US2632998A (en) * 1946-08-03 1953-03-31 Lewis D Burch Multiple stage rotary translation engine
US2644533A (en) * 1947-04-17 1953-07-07 Const Aeronautiques Des Sud Ou Means for steering aircraft with rotary wings
US2650781A (en) * 1950-08-11 1953-09-01 United Aircraft Corp Boundary layer control for aircraft
US2759548A (en) * 1953-04-02 1956-08-21 Yuan Shao Wen Lift rotor control
US2871954A (en) * 1957-10-07 1959-02-03 Dix Herbert Jet operated rotary lifting vehicle
US2894589A (en) * 1955-08-12 1959-07-14 Westinghouse Electric Corp Jet propelled helicopter rotor
US3576299A (en) * 1968-05-16 1971-04-27 Thomas F Hanson Direction control system
US4726548A (en) * 1986-07-28 1988-02-23 Clites James L Airfoil self energizing boundary layer control system
US20130168491A1 (en) * 2010-09-09 2013-07-04 Groen Brothers Aviation, Inc Mission-adaptive rotor blade with circulation control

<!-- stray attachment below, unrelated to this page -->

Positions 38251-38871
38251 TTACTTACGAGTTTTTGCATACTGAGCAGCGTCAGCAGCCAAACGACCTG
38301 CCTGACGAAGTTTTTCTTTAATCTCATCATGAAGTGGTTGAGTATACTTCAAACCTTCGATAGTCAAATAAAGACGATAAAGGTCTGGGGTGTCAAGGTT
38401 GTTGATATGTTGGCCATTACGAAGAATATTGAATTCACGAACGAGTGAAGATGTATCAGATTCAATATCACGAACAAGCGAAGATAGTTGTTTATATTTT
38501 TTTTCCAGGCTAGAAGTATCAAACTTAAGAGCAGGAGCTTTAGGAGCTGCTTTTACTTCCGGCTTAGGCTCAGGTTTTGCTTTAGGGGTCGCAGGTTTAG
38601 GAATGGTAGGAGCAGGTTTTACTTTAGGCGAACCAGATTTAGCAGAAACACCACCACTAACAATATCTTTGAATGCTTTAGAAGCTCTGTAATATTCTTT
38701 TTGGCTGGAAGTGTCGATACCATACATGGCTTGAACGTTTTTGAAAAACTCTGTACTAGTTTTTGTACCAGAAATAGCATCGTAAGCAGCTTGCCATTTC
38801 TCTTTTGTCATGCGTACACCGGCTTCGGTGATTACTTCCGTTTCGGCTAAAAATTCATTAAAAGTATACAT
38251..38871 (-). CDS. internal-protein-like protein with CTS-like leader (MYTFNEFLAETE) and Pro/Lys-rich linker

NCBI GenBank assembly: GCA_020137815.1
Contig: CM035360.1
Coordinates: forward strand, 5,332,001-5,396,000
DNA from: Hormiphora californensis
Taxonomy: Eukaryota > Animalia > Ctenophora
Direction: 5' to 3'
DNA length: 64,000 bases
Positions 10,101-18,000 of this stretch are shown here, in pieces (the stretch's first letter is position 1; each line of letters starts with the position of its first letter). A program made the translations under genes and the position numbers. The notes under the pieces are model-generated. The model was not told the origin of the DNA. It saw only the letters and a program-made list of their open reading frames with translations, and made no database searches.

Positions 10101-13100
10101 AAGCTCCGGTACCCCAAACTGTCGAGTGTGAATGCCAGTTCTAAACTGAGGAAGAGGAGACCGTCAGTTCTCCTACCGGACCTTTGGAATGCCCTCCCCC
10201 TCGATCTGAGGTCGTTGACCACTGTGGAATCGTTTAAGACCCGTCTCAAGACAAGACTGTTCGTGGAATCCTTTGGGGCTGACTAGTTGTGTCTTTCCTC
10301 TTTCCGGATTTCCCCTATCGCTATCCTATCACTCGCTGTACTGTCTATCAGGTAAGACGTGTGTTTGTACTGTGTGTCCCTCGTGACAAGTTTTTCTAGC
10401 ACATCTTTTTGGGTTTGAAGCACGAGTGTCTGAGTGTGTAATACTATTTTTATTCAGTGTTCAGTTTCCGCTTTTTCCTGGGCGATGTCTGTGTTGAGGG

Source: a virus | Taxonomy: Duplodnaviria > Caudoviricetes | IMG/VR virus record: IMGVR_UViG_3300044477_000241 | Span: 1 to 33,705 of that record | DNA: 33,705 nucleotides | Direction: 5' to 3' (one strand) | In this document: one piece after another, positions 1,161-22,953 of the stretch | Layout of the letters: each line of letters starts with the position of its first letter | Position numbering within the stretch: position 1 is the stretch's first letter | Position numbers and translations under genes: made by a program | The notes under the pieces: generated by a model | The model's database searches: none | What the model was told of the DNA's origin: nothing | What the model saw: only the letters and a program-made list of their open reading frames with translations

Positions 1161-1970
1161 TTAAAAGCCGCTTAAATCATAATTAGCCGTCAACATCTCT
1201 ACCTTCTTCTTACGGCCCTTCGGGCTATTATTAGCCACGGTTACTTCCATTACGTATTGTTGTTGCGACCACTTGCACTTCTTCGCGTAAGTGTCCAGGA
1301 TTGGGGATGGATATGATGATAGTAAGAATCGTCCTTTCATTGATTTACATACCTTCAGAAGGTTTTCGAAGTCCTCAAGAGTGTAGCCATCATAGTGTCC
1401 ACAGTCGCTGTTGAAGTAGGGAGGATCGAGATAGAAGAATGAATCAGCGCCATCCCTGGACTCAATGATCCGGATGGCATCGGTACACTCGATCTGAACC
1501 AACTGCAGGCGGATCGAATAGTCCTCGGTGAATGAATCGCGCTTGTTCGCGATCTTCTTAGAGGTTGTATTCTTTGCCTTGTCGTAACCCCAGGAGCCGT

WO2014015847A1 (en) * 2012-07-26 2014-01-30 Eads Deutschland Gmbh Auxiliary drive system for a helicopter
US20160001881A1 (en) * 2011-07-11 2016-01-07 Groen Brothers Aviation, Inc Mission-adaptive rotor blade with circulation control

Cited By (20)

* Cited by examiner, † Cited by third party
Publication number Priority date Publication date Assignee Title
US2503451A (en) * 1944-01-11 1950-04-11 Curtiss Wright Corp Deicing system for aircraft surfaces
US2491549A (en) * 1945-01-24 1949-12-20 United Aircraft Corp Helicopter
US2604949A (en) * 1945-10-04 1952-07-29 Firestone Tire & Rubber Co Helicopter control
US2632998A (en) * 1946-08-03 1953-03-31 Lewis D Burch Multiple stage rotary translation engine
US2624531A (en) * 1946-10-18 1953-01-06 Edward A Stalker Stabilizing mechanism for rotary wing aircraft
US2589193A (en) * 1946-11-29 1952-03-11 Goodyear Aircraft Corp Airfoil, and particularly helicopter blade